If you're hoping to move house by Christmas, you have a bit of a task on your hands. House sales have been reported to move slower than usual due to the pandemic, and all aspects of buying a house are being delayed too, from conveyancing to researching the best mortgage rates and actually securing a mortgage.
The government advice to home movers is that flexibility is key, with the move-in date of 22 December (the final day for completions this year) not guaranteed. However, not guaranteed isn't the same as unachievable, and if you really want to move, it's certainly worth your trying. Jacqui Harley, head of residential conveyancing at JMP Solicitors (opens in new tab) said:
'Following the housing market pause earlier this year due to the COVID-19 pandemic, we are now seeing a huge increase in enquiries and the market is booming. Because of the increase in activity and changes to usual proceedings due to government safety guidelines, the process of moving house could now take longer than usual.
'Be prepared for a different process of buying and selling. It’s also important that if you or a member of the household are vulnerable, this needs to be communicated early in the process, so the necessary safety measures can be implemented and timescales can be accurately predicted.
'Although there are changes to the moving process, it’s still certainly achievable to move before Christmas if you act swiftly.'
These are the main things you should consider if you are set on a Christmas moving-in date.
1. Get the property ready for marketing
Once you've decided that you definitely want to move to a new house before Christmas, you need to prepare it for selling. Houses that are clean, well-presented, and don't have any problems for the new owner to deal with sell quicker, and that's a fact. Don't neglect the loft/basement, either: they're valuable storage spaces that your prospective buyer will want to know are useable.
2. Book surveyors as soon as possible
The next step, of course, is finding the right property to buy. Booking a survey sooner rather than later is crucial to success at this stage, as Jacqui explains:
'Once you have found a property you would like to buy, it’s worth ensuring that you get a decent survey before you commit to any purchase - if the boiler does not work and you’ve already moved in, prepare for an expensive replacement, especially around Christmas time.
'There are currently no restrictions on the types of surveys that can be carried out, but tradespeople must liaise with owners of the property to ensure an appropriate clean has been undertaken before entering the property and must keep to government safety working guidelines whilst in the property.'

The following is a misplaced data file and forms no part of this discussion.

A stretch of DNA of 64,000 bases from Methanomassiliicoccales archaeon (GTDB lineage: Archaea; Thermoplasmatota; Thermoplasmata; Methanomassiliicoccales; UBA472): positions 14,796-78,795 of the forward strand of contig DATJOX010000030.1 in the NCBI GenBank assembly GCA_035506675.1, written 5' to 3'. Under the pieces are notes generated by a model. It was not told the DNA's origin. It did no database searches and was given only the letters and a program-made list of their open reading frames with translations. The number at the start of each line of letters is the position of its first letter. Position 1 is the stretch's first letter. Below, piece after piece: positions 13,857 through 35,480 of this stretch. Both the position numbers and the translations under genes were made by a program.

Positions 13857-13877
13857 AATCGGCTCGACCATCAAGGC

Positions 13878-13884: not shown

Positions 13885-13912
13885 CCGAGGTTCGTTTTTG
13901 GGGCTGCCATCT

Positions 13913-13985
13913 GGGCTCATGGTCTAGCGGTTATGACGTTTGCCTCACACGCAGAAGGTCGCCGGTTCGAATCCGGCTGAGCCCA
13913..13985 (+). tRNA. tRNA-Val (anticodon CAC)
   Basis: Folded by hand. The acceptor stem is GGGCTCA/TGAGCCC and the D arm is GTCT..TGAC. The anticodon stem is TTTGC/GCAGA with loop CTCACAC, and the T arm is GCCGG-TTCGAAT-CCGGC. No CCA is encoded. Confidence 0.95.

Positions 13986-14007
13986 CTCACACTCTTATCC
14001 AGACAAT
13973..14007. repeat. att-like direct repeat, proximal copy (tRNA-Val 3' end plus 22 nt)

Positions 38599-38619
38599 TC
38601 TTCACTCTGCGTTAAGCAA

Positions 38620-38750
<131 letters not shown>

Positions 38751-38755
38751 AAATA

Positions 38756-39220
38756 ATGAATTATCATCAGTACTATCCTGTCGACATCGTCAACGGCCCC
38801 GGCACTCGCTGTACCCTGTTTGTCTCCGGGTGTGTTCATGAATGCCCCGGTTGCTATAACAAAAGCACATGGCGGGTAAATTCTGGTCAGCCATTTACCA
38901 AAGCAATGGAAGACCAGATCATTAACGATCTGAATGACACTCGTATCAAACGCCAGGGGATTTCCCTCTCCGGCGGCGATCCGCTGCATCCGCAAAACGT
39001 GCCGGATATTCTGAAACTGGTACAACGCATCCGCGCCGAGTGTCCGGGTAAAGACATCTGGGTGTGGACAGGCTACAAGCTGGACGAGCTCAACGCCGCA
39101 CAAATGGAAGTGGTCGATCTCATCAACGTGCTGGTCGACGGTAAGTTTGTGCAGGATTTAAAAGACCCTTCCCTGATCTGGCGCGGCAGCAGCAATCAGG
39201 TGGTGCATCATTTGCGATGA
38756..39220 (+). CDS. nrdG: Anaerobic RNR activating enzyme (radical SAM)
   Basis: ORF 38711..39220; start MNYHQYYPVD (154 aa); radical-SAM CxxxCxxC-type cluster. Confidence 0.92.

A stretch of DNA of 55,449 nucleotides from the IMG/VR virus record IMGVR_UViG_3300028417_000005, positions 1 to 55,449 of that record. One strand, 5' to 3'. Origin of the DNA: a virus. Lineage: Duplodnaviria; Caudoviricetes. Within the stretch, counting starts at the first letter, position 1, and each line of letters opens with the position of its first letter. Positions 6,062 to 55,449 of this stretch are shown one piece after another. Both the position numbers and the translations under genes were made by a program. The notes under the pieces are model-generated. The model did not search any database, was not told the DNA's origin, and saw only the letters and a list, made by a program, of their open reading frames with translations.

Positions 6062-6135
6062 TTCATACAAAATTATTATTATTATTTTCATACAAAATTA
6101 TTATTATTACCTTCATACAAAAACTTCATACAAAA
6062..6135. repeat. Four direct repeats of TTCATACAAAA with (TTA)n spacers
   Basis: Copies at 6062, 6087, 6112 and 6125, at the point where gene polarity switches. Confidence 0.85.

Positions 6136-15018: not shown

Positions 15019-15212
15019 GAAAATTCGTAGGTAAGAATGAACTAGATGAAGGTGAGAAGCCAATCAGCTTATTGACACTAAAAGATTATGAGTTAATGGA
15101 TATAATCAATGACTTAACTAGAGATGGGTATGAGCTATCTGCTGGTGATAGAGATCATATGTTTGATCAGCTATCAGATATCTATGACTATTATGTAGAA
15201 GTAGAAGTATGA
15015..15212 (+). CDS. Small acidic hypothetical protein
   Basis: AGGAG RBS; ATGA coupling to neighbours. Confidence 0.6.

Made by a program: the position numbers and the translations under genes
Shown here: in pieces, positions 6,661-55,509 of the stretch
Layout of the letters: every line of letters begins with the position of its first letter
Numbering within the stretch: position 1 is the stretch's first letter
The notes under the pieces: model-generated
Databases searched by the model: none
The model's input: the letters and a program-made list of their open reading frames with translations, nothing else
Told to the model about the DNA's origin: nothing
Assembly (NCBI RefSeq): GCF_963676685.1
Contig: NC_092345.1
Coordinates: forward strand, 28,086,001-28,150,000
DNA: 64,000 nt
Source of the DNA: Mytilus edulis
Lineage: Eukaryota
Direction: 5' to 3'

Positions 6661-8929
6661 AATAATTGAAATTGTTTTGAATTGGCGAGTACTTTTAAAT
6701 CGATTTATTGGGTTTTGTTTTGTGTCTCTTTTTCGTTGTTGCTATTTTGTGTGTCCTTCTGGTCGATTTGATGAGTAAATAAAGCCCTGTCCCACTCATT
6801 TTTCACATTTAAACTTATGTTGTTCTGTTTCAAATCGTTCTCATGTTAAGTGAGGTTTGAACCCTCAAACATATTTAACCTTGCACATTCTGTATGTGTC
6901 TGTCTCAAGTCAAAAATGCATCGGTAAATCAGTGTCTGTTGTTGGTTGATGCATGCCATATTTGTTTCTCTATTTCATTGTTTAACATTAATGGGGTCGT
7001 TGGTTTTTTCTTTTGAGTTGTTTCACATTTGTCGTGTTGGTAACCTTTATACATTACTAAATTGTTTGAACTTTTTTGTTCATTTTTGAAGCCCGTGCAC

3. Be patient and prepared
A lot can happen to cause delays during this pandemic year: further restrictions can be imposed, and if anyone in the property chain tests positive for Covid, timeframes will shift again. You can, however, communicate your wish to move by Christmas to your estate agent and ask to be updated about any changes.
4. Prepare for a different way of viewing
'Current government guidelines state that initial viewings should be done virtually where possible, so be prepared for this when you are looking for a new home. If you are selling your current property, it is likely that you will need to market it virtually – your agent will be able to assist with this and will have the necessary equipment to photograph and video your home for sale.
'The current government advice also states that those selling their home should vacate the property if possible, so try and find somewhere to go while viewings are taking place.'
5. Consider your packing arrangements
Trust us when we say: the further in advance you start packing, the smoother your move will be. It's not fun living on boxes, but you need to start packing at least three weeks before you plan to move. Labelling all your boxes will ensure you don't damage anything in transit or forget a box full of valuables. Finally, make sure to book a removals company well in advance:
'Many removals companies have had to change policies and processes in line with government guidelines, so ensure you prepare in advance to make the packing as safe for everyone as possible.'
6. Don’t forget to tie up loose ends
'Be sure to inform utility companies that you are moving and have all mail forwarded to your new address once you have exchanged contracts. Write your Christmas cards in plenty of time and post with your new address pre-printed inside, this saves time and money on separate letters and messages.'
7. Look after your pets
'Both pets and young children can find moving home very stressful. Whilst animals can be kept safe and secure in a separate room during the unpacking, it is best to see if family or friends can look after children for the day so that they do not get anxious about the moving process and leaving their old home, this way they won’t feel unsettled and can just enjoy the excitement of arriving at their new home.'
For pets, we also recommend using Feliway (for cats) or Adaptil (for dogs) to help them adjust to their new home. Plug it in several days before the big move to reduce stress.